Libeskind Meets Metropolis
Earlier this month, architect Daniel Libeskind, his wife and partner Nina Libeskind, and their public relations agent came to visit Metropolis’s offices here in New York City. During our luncheon of pasta and sandwiches, Libeskind discussed the exacting research process he uses for every public project, including his front-running scheme for the World Trade Center site.
He told us about studying the urban fabric, spending time on the site, talking to people, and observing their actions. But most revealing, he says he enjoys attending public hearings, no matter how contentious—which he has been doing endlessly in New York in recent weeks.
Here’s what Metropolis editors had to say about the meeting.
“I was struck by Libeskind’s complete absence of cynicism or skepticism,” observes Martin Pedersen, executive editor. “Sure, some of that is part of the sales pitch; he wants the job and is campaigning hard for it. But I think he truly believes that something wonderful is still possible down there, in spite of the immensely complicated issues. This absence of cynicism makes him the perfect conduit, an ideal point man to handle the various stakeholders downtown, from the Port Authority [of New York and New Jersey] to [property owner] Larry Silverstein (who apparently likes Libeskind a lot too).
“I also admire two traits that seem absolutely essential for a great architect: a faith in ideas and a kind of rock-solid patient persistence. Libeskind gets discouraged, but he doesn’t lose faith in possibility. He realizes he can’t win all the time.
“Even if he doesn’t get the job—if there is indeed a job to be gotten—his return to New York is great for the city. Visionary optimism is always in short supply here.”
Senior editor Karen Steen was impressed by both Daniel’s and Nina’s “pragmatic optimism: assume that your project will be built, no matter what the odds, and design it for the real world, not for your portfolio.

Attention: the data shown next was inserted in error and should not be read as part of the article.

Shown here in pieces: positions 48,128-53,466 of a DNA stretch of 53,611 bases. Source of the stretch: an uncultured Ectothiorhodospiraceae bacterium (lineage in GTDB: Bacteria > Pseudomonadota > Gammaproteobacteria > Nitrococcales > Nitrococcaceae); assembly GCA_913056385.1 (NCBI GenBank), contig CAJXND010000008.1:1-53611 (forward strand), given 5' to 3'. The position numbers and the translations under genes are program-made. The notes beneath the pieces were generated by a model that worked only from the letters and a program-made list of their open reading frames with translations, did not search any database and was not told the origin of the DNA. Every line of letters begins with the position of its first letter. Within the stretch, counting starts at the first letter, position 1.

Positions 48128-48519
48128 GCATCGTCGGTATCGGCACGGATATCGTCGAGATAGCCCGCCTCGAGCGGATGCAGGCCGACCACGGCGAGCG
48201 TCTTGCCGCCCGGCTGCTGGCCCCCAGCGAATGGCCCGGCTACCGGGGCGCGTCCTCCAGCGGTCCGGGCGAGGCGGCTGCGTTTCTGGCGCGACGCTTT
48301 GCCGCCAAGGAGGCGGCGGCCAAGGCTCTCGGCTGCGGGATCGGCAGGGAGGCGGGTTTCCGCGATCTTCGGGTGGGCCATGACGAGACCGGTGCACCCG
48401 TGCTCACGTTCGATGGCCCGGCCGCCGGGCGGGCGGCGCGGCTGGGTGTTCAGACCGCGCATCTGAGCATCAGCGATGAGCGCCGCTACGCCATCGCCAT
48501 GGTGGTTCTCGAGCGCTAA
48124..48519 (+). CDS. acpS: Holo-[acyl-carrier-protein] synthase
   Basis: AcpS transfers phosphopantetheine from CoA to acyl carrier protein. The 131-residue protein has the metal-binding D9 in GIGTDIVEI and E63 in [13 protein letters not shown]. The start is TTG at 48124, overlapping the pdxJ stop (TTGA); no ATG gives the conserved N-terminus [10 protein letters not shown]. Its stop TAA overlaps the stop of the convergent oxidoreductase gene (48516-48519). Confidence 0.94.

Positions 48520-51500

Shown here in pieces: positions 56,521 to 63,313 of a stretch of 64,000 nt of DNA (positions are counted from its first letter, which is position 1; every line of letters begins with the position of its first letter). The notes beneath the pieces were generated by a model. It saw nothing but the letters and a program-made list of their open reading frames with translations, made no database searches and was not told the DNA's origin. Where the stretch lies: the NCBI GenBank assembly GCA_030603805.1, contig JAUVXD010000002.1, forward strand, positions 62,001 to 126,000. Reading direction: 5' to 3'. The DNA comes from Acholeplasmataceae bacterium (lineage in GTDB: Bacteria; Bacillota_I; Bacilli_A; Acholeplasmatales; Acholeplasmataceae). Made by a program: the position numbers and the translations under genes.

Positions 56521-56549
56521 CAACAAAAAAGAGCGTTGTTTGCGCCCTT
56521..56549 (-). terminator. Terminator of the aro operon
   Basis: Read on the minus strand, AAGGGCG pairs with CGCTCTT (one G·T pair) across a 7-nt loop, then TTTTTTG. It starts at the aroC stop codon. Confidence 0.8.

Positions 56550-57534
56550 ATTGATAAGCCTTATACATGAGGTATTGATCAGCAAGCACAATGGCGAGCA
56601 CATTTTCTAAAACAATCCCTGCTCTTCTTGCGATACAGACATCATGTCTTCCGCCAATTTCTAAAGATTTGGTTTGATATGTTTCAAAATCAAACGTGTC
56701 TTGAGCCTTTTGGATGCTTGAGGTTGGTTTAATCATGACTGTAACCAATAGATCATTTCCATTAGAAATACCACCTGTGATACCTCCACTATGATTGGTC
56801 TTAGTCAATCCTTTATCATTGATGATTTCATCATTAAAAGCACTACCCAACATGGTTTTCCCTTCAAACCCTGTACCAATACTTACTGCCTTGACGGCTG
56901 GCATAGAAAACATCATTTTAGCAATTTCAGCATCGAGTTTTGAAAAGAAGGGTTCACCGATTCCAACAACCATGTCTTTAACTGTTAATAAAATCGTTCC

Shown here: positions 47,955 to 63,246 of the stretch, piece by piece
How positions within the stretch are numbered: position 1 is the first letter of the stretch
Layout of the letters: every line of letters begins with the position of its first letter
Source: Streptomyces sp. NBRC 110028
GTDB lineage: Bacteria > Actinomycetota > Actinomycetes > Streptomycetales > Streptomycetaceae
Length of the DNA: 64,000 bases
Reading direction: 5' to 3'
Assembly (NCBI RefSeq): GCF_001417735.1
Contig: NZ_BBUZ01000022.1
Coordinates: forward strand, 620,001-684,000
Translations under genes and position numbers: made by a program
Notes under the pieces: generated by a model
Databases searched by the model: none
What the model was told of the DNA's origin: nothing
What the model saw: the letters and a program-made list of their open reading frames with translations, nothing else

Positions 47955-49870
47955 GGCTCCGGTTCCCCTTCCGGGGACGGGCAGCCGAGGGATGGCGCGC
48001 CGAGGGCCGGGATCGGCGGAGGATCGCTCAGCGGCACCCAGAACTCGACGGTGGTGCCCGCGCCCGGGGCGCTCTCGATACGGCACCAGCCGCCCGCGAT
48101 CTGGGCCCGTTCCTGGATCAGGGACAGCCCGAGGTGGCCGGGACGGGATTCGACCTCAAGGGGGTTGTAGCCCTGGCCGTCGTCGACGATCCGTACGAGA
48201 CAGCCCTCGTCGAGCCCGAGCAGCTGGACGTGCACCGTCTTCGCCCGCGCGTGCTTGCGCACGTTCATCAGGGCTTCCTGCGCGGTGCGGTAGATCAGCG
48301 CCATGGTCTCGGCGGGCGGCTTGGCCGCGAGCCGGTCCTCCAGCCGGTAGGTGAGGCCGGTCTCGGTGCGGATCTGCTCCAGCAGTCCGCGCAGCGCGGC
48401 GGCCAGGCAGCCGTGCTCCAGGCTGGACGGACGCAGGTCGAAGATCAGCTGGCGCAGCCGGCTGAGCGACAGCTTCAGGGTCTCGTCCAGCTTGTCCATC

“The Libeskinds are sympathetic to the needs of Ground Zero’s many competing interests and appear to work well with everyone, which is stunning if you consider the charged and convoluted labyrinth that this planning process has become. They are resolutely up for the challenge. When I saw their models at the Winter Garden, I thought, ‘We need this plan.’ But now that I’ve met them it’s more like, ‘We need these people in the process.’”
“Lots of architects seem overly concerned with maintaining their image as architects,” notes managing editor Julien Devereux. “Libeskind really seems to love architecture and the whole messy process of designing and building. That’s going to be a huge asset in a project as complicated and fraught as the WTC site. He also paid way more attention to how the rebuilding is going to work urbanistically than any of the other teams, and he seems really to be interested in these questions rather than just paying lip service to them because he thinks he should.”
Laurie Manfra, a recent architecture school graduate and assistant to the editor in chief, remembers a story told by Libeskind during his visit. This “revealed something of the profound bond between architecture, site, and history in his work,” she says.
“He recalled working on a project for which he drew up a general scheme after interacting with it. Uncertain about what belonged in a certain area, he left it alone. Later it was discovered that the remains of an 18th-century bridge lay concealed in the earth in precisely the same place of the void in his scheme. As part of his final design, the bridge was carefully unearthed, preserved, and protected from above by a glass floor-plane that exposed it for all to see. I was impressed by how the stories he told us revealed something of the mystery surrounding his design process.”
And associate art director Damian Chadwick was impressed that Libeskind “has clearly thought out the phasing of the project and its impact on downtown for the duration of construction. Nina Libeskind added that, ‘the sequencing and the pacing was THE longest discussion in our office.’
“As if to prepare for what might be coming at the World Trade Center site, Libeskind said that ‘Architecture is a marathon, it’s not a sprint.’”